In the photo below you see some of the ingredients I used...canned tomatoes and lamb, frozen onions and eggplant, and potatoes from the farm store...and you can see the baking dish I first chose was way too small. I used a bigger one, a 9x13 oval, and even that was too small! Next time I'll use 10x14 oval. A 9x13 rectangular pan would have been perfect.
Moussaka is a Greek dish made with ground lamb, tomatoes, a cheesy white sauce, and a vegetable - either eggplant, zucchini, or potatoes. I've always made it with both eggplant and potatoes, and it's delicious that way (even though I don't normally eat potatoes). Using home-prepared ingredients did reduce the amount of work, but moussaka is always a labor-intensive endeavor!
Easy Eggplant and Potato Moussaka
1.5 pounds ground lamb, home canned (i.e. cooked and tender)
1.5 c peeled tomatoes, home canned, drained (reserve juice for another use)
1.5 c. fresh breadcrumbs (3/4 cups dry)
1 large onion sauteed in ghee, lard, tallow, or EVCO
2 large cloves garlic, minced
3 t. Himalayan pink salt
3 T. chopped parsley
1/4 t. cayenne
1/4 t. ground allspice
1.5 t.* Vietnamese cinnamon (Ceylon is too subtle, if you use it, you will need 3 t.)
2 medium potatoes
5 Japanese (long) eggplants, roasted in their skins
3 T. ghee
3 T. flour
1.5 c milk
3 egg yolks, lightly beaten
1.5 c cheese (I used quark but you can use grated hard cheese if you prefer)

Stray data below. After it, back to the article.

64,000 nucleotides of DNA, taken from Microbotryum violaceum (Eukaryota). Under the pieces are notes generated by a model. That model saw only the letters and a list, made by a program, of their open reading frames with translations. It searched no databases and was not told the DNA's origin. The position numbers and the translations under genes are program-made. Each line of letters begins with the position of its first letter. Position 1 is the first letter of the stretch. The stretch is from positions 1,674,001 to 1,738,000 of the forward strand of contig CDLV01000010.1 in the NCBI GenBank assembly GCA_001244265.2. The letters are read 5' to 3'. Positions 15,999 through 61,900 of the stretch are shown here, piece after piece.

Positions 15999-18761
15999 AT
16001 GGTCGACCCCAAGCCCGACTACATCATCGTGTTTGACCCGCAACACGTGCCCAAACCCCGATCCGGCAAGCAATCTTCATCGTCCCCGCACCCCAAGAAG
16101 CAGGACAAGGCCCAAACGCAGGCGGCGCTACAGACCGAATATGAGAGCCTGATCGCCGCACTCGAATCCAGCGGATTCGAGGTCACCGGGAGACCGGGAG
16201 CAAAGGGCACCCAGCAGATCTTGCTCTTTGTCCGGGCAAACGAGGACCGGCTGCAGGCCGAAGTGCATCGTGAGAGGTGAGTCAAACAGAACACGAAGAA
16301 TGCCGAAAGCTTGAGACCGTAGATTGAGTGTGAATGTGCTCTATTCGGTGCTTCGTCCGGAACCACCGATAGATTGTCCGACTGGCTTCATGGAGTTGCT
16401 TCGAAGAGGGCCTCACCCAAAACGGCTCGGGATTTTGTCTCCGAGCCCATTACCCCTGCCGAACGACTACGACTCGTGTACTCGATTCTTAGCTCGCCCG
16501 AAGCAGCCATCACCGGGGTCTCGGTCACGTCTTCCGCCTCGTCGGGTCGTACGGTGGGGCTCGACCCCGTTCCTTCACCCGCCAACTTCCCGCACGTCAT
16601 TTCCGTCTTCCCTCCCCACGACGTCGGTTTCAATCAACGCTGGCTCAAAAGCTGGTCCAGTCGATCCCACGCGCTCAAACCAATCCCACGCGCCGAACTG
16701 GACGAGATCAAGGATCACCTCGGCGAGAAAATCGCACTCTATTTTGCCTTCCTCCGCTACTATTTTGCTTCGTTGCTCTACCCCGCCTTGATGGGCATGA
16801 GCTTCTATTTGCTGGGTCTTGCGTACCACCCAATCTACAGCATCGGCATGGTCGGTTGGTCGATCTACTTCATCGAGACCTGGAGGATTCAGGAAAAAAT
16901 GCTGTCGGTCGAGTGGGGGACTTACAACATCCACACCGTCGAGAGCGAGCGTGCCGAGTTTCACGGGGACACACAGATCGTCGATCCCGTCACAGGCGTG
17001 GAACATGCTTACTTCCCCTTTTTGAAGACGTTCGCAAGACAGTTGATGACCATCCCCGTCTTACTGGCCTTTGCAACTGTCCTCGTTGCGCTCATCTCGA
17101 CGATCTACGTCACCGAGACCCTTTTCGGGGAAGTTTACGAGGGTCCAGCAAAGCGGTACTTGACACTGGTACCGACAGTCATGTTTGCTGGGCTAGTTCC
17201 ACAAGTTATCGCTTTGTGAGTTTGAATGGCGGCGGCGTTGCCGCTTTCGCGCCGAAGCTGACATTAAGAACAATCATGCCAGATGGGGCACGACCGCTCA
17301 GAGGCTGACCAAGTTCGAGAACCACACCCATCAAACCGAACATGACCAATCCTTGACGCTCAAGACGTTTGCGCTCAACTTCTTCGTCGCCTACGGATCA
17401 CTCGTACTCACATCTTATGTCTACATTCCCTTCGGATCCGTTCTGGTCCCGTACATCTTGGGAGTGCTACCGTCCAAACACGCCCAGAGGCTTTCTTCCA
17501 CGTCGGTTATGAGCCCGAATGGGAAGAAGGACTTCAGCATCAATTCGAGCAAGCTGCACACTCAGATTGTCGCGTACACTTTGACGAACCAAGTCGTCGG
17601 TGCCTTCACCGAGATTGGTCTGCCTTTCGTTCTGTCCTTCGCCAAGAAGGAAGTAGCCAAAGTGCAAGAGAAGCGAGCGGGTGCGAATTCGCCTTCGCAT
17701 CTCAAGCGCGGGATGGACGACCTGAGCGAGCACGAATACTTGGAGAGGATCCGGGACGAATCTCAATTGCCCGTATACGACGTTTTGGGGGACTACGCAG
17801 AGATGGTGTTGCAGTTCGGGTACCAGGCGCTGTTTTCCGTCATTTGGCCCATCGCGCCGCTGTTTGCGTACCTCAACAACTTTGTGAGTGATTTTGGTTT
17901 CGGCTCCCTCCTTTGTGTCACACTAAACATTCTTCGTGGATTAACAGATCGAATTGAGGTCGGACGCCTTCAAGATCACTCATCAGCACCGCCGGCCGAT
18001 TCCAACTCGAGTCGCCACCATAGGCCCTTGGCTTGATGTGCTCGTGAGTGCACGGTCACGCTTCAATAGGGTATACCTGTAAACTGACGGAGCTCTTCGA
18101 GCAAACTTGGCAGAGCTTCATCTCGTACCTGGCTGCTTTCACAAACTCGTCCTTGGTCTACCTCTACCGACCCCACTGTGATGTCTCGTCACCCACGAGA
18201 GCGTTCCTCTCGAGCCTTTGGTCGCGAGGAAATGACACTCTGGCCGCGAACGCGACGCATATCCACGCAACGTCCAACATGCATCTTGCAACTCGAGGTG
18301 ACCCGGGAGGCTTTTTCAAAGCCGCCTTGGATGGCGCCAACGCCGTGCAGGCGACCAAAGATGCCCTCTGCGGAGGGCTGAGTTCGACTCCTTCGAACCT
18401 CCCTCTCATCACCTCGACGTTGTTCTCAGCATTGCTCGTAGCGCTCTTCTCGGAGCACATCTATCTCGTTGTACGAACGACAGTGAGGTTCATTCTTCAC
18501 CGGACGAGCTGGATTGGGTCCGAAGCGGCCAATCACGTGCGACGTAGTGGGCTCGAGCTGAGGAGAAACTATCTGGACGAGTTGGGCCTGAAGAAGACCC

1/4 t. freshly grated nutmeg
1 t. salt
9 x 13 rectangular baking pan (or 10x14 oval), bottom and sides greased with ghee
11 x 17 jelly-roll pan or cookie sheet wrapped in foil
Preheat oven to 350.
Cut each potato in half lengthwise (creating the thinnest halves possible so they cook quickly) and simmer under water until they're cooked through but not mushy, 10-15 minutes depending on how thick the slabs are. Remove from water and allow to cool.
In the same pan, melt the ghee on medium heat and saute the flour for a few minutes. Reduce the heat to low and gradually add the milk, stirring vigorously after each addition so no lumps form. Cook, stirring, until thickened and creamy. Add the cheese and whisk until smooth.
Stir 1/4 c. of the sauce into the egg yolks, then stir the yolks into the sauce in the pan. Add the nutmeg and salt, taste and adjust seasoning, and set aside.
Cut the potatoes into 3/8" slabs and cover the bottom of your (greased) baking pan.
In a large bowl, mix the remaining ingredients (lamb, tomatoes, onions, garlic, seasonings and breadcrumbs). The breadcrumbs soak up the liquid the eggplant will exude; omit them at your peril. Taste and adjust seasoning then spread over the potatoes.
Cut the eggplants in half lengthwise and layer over the meat, flesh side down. Spread the cheese sauce over the top. (I had a little bit of everything left over due to the pan being too small.)
Place the baking dish on the foil covered jelly-roll pan and bake in the center of the oven for 1 hour until the top is brown and crispy. As you can see, mine boiled over quite a bit. If you use the right size baker you may not need the jelly-roll pan, but the stuff crusted on the sides was delicious.
I served it with radish sprouts mixed with EVOO, lemon juice and salt.
*I like a LOT of cinnamon in this dish. My jar was almost empty and I needed 1.5 t. to get the flavor I wanted. If your jar is fresh, or if you want a subtler flavor, you could probably get away with 1 t.
I use Japanese eggplants because they are not bitter, and the skins are very soft. I roast them whole and then freeze them whole.
In summer, when onions are abundant, I saute them and then freeze them in pint bags.
If you don't have home-preserved ingredients, you will need to prepare the eggplants and the meat sauce. There are many recipes on the internet illustrating these steps. Trust me: home-preserved is the way to go.
This is how much snow we got:
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